Always keep in mind that while rearranging the equation $[A]_t$ should be on the left side. Since $[A]_0$ is the initial concentration, what is varying is the concentration with time t, so, $[A]_t$ should be taken in y axis.

Therefore, the graph of concentration Vs time of zero order reaction will look like a straight line with negative slope.

Concentration versus Time graph for zero order reaction

Note that this graph is valid only up to a certain limit of time. The graph will not be valid after the time reaches a value where the concentration becomes zero because if the graph is valid throughout, the extension of the graph (red line) will give a negative concentration which is not possible.

## Reactant Rate versus Concentration Graph

Rate of zero order reaction is;

$\text { Rate }=\mathrm{k}[\mathrm{A}]_{0}=\mathrm{k}$

That rate is independent of the concentration of reactant and thus will be a straight line with slope zero.

Rate versus Concentration graph of zero order reaction

## Half-Life versus Initial Concentration Graph

We know that the half-life of a zero order reaction is given by

$t_{\dfrac{1}{ 2}}=\dfrac{[A]_{0}}{2 k}$

which is again in the form of y= mx+c where y here will be equal to $t_{\dfrac{1}{ 2}}$ and x will be equal to $[A]_0$ with m as $\dfrac{1}{2k}$ and intercept will be zero. Thus the graph will look like as follows

Half-Life versus Initial Concentration graph of zero order reaction

## Examples of Zero Order Reaction

Photochemical reaction of hydrogen and chlorine

N2O decomposition of hot platinum surface

Decomposition of NH3 in presence of molybdenum or tungsten

Decomposition of HI on gold surface

Reaction of Iodine with acetone in presence of H+ ion

## Conclusion

In a half-life, 50 % of the reactant will get consumed. Calculating half-life is very useful in many reactions especially in pharmaceutical fields. For example, half-life can be used to determine the dose of medicine to be taken by a patient.

A reaction with a long half-life period will take much time for the completion of the reaction, and thus it will take a long time to give the complete effect of the reaction (for example, the effect of medicine on a patient).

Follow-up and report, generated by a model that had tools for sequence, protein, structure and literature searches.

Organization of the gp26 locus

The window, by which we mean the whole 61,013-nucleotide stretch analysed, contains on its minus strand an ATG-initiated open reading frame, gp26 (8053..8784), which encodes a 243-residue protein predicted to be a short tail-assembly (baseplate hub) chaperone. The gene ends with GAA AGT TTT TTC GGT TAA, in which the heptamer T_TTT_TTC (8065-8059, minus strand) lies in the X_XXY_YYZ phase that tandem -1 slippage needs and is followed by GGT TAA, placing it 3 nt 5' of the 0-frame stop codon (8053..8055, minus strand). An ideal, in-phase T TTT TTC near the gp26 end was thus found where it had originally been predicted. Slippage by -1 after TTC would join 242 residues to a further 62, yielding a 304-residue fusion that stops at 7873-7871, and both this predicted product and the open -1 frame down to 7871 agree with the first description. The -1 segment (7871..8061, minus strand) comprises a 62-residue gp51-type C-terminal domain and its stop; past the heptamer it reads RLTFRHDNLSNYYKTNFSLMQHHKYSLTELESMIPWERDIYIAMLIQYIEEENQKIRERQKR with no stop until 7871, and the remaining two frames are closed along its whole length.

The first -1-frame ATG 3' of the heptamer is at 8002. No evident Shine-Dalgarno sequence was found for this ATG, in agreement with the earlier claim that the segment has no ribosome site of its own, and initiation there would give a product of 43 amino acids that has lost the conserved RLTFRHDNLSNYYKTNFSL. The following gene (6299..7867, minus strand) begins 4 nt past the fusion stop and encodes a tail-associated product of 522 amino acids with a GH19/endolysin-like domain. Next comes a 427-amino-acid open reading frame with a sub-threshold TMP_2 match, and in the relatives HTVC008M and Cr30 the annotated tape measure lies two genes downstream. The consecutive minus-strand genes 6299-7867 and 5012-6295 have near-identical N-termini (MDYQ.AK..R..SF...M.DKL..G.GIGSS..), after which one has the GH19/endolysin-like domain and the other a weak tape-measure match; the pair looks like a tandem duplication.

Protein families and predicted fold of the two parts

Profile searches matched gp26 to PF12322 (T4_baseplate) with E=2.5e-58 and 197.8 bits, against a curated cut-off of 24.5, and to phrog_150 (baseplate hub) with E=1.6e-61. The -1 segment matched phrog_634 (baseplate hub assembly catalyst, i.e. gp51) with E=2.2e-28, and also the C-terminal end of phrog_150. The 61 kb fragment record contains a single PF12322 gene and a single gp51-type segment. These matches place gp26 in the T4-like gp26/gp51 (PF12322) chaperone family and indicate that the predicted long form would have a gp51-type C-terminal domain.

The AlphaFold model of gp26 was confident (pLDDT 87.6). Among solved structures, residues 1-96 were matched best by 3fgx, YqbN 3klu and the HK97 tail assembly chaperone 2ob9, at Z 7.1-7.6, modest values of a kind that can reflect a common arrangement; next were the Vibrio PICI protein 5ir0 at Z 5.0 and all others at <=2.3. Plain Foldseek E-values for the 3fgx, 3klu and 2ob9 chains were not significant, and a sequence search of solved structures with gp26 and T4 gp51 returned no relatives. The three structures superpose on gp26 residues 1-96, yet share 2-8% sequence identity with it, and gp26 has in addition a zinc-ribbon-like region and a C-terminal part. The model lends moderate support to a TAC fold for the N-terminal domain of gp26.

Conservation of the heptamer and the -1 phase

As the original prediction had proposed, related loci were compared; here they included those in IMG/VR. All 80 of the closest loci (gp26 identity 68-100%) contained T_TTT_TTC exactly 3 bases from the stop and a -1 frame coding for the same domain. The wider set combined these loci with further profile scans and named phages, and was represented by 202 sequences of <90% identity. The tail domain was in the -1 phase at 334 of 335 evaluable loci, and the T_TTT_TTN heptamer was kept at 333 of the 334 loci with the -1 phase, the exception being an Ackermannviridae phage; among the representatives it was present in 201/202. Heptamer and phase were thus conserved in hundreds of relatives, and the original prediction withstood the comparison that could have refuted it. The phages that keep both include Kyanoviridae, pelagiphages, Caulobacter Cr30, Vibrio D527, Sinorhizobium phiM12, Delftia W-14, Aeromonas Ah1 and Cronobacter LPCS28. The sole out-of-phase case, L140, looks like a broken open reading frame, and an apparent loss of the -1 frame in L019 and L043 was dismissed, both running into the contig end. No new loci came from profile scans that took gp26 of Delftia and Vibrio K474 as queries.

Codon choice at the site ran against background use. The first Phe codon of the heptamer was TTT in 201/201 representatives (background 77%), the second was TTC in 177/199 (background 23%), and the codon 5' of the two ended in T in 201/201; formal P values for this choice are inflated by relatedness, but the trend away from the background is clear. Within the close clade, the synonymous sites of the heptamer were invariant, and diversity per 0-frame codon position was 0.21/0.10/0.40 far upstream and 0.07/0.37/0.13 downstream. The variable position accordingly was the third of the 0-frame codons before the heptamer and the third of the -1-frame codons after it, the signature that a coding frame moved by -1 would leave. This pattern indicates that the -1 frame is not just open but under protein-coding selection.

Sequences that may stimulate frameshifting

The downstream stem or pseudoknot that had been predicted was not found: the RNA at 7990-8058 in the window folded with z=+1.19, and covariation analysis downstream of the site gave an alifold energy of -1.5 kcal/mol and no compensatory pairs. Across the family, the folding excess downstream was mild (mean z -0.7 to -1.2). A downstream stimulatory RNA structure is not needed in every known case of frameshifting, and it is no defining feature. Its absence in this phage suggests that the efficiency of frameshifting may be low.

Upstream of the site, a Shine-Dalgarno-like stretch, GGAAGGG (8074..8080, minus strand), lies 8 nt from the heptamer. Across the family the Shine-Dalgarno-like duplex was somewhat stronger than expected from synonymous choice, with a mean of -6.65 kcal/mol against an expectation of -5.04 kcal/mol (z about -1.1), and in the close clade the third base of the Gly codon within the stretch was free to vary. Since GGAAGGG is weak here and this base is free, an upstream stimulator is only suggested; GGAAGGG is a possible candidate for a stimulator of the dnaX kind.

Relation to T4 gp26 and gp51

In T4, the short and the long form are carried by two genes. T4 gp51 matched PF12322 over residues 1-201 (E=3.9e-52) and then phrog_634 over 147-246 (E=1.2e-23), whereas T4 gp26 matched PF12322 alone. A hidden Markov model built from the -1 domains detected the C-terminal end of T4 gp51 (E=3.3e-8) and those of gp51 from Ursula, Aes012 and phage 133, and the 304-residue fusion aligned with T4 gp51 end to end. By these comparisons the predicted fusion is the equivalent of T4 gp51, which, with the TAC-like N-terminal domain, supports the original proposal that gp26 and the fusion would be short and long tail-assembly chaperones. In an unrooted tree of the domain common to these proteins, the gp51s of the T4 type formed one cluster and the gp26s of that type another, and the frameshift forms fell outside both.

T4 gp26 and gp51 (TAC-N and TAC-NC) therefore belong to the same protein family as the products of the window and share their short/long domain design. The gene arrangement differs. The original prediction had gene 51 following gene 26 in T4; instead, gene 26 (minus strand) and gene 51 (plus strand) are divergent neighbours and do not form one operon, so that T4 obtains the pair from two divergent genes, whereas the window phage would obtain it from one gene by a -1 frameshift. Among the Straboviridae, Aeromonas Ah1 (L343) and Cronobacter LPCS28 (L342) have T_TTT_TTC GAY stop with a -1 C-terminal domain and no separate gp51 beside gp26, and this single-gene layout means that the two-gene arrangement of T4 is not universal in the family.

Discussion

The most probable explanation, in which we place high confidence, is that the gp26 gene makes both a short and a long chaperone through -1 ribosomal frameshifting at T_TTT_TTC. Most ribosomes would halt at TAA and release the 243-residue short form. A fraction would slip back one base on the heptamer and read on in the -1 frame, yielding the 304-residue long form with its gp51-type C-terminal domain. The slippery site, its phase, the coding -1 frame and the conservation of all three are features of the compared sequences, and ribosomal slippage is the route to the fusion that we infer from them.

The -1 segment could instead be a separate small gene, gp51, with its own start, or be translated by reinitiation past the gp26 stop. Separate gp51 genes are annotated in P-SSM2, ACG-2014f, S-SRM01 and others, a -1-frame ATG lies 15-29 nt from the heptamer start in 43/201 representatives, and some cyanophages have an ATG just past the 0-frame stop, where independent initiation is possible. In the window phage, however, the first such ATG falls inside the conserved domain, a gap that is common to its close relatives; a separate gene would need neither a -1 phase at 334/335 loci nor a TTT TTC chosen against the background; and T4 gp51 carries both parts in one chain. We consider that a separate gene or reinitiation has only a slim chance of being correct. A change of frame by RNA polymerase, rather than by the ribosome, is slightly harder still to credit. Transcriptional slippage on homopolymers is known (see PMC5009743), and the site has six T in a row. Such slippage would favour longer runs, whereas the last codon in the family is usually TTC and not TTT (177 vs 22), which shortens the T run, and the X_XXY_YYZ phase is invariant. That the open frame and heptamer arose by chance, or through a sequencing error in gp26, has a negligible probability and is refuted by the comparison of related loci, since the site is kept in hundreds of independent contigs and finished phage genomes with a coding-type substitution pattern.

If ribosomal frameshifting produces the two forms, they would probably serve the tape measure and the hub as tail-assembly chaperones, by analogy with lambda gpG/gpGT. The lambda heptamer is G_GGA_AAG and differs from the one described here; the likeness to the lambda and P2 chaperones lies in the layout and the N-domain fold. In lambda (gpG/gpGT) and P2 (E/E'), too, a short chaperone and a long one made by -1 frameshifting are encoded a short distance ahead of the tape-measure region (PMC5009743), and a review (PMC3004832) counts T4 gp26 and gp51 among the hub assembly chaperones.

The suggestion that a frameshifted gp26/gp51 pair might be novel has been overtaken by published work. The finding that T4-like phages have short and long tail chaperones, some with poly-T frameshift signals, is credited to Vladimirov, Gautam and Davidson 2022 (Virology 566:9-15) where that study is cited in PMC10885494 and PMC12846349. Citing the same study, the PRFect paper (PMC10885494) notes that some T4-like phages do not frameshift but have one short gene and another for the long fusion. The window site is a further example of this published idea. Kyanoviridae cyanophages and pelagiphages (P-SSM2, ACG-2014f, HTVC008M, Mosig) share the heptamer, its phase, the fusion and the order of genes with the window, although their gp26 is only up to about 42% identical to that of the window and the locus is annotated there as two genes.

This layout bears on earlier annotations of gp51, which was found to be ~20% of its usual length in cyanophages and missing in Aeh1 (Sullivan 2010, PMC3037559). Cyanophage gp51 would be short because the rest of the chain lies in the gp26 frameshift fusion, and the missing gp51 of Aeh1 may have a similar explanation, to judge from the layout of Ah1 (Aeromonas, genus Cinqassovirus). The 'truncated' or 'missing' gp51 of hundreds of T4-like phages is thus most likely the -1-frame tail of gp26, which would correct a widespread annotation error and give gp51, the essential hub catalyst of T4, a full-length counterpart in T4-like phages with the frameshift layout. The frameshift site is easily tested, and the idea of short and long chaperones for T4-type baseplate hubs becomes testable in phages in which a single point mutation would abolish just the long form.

## FAQs on Half Life of Zero Order Reaction for JEE

1. What is the half-life of a first order reaction? Why is it important?

The half-life of a first order reaction is independent of its initial concentration and is given by $t_{\dfrac{1}{ 2}}$ = $\dfrac{0.693}{K}$. We know that all radioactive decays are first order reactions. As a result, the half-life of first order reaction is very useful in carbon dating and thus age of an object containing organic material can be calculated. Since we get the rate constant value without knowing the concentration value, it can be used for further calculations.

Not only in carbon dating, the concept of half-life is very important in all radioactive decay related problems and also in medicinal fields.

**2. What is the unit of rate constant for a zero order reaction?**

The unit of rate constant can be calculated by putting all the known units of other terms in a rate equation.

For a zero order reaction rate = k, the unit of rate constant will be equal to the rate of the reaction. We know that the rate of the reaction is the change in concentration of reactant or product in a given time interval. Thus, its unit is mol L^{-1} s^{-1}. Therefore, the unit of rate constant for a zero order reaction will also be mol L^{-1} s^{-1}.